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High-Tech Japan Warship Collides With Tuna Boat, 2 Crew Missing

A Japanese naval destroyer equipped with sophisticated radar key to the country’s missile defence system collided with a fishing boat on Tuesday, the coastguard said, raising questions about the ship’s monitoring.

Two men on board the 12-meter (39 ft) fishing boat were missing after the collision east of Tokyo, prompting a search by military and coastguard vessels and aircraft.

The Atago destroyer, commissioned last spring, is the newest of Japan’s five ships equipped with high-tech Aegis radar systems and typically carries a crew of around 300.

The opposition Democratic Party’s top point person on defence said the party wanted an explanation of the incident from authorities, including why the destroyer’s crew and defensive radar had not seen the fishing boat.

“This radar system should be better than any other ship’s,” lawmaker Keiichiro Asao told Reuters. “If they were not aware of the fishing boat, they could be attacked by any terrorists.”

Some analysts said the Aegis system, used primarily for air defence, was unlikely to have been at fault.

“This would appear to be human error -- an oversight or a procedural mistake,” said Lance Gatling, CEO of aerospace consultancy Gatling Associates, in an email interview.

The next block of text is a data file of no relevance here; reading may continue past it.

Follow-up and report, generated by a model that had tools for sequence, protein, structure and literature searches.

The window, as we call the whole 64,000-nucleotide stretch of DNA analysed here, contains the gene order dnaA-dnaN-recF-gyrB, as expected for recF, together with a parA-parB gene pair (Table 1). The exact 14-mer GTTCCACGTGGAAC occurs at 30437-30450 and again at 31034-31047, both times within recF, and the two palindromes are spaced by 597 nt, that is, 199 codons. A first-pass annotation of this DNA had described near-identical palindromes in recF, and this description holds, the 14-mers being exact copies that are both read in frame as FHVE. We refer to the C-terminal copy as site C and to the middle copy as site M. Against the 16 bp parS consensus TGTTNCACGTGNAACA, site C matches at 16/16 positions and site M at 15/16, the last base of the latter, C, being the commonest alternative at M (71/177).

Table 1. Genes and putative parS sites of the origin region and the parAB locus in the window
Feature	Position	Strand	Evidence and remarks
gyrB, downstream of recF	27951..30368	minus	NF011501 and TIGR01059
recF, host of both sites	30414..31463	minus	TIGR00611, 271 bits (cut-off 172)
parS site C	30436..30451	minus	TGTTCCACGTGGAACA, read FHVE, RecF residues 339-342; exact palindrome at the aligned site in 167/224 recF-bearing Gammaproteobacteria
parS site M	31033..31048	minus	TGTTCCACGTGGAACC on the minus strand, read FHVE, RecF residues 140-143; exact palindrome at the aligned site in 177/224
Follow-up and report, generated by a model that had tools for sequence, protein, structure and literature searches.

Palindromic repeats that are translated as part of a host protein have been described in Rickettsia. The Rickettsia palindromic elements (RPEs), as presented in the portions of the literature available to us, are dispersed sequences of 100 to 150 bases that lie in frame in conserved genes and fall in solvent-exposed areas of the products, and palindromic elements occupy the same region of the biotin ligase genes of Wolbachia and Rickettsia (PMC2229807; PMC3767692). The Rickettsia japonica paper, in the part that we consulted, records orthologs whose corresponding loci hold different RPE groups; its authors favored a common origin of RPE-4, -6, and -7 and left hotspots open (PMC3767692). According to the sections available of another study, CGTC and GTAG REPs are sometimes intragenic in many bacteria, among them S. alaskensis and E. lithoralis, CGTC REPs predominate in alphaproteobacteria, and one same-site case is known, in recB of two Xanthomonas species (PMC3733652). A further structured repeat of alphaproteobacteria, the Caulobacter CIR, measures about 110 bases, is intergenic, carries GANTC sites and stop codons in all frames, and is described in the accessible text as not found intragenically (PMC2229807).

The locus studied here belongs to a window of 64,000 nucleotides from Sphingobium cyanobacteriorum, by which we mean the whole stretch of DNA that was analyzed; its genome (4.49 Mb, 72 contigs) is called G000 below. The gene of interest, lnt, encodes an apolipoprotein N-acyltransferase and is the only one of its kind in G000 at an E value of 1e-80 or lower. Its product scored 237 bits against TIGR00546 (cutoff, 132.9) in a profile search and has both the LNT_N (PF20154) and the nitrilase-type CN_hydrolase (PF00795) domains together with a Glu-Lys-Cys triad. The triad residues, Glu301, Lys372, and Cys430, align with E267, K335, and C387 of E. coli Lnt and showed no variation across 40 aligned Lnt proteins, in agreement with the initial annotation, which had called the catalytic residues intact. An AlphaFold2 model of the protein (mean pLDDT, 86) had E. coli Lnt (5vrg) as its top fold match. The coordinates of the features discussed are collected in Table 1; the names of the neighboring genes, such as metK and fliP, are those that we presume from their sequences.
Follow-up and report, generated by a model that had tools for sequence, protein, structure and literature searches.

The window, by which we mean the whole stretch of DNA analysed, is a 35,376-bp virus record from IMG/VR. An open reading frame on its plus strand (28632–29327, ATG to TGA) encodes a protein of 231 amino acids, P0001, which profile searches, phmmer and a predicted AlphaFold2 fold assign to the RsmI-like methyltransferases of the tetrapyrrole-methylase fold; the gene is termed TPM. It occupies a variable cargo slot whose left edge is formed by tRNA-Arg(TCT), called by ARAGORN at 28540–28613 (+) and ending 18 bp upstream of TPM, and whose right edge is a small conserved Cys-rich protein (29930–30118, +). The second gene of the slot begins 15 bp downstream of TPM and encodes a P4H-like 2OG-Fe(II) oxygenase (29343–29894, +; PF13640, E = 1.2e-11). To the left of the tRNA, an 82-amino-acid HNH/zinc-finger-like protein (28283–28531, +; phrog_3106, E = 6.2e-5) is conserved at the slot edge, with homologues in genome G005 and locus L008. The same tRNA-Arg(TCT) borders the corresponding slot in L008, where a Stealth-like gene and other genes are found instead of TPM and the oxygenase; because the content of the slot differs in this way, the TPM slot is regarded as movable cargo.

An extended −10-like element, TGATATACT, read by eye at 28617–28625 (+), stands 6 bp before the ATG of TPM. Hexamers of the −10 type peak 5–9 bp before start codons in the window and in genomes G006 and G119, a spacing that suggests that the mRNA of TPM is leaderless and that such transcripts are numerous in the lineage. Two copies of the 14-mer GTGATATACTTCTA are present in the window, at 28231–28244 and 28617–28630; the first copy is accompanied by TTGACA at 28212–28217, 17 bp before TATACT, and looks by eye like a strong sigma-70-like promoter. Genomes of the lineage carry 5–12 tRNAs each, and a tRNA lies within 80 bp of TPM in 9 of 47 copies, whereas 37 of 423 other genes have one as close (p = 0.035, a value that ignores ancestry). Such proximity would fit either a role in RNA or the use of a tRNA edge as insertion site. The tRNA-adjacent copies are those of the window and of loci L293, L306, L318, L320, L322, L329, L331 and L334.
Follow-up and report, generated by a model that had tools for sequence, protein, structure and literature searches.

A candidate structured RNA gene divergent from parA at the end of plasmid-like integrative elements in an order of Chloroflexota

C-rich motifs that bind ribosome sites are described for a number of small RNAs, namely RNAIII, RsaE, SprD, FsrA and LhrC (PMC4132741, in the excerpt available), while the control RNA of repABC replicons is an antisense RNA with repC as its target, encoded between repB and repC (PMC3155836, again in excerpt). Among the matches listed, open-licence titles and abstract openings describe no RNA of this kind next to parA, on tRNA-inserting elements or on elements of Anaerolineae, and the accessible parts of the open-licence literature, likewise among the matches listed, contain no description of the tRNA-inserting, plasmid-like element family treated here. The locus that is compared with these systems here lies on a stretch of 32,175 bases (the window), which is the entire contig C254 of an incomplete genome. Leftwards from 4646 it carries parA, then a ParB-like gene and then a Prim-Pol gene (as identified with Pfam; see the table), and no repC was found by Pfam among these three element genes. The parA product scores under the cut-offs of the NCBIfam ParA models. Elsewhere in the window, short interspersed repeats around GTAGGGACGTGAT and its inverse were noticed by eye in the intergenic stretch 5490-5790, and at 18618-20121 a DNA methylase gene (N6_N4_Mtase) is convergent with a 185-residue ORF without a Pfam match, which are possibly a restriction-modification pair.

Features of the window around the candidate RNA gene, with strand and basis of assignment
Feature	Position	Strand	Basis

Incidents involving the military are sensitive in Japan, where a streak of pacificism runs deep and the post-World War Two constitution bans the maintenance of armed forces. The ban has been interpreted as allowing a military for self-defence.

TV pictures showed divers searching for the missing crew as the bright red and white prow of the fishing boat, which was split in half in the collision, bobbed up and down in the waves surrounded by fishing floats and other debris.

A group of about 80 people beating drums and gongs gathered to pray on the dock where Haruo Kichisei, 58, and his 23-year-old son Tetsuhiro had set out on a tuna fishing trip early Tuesday.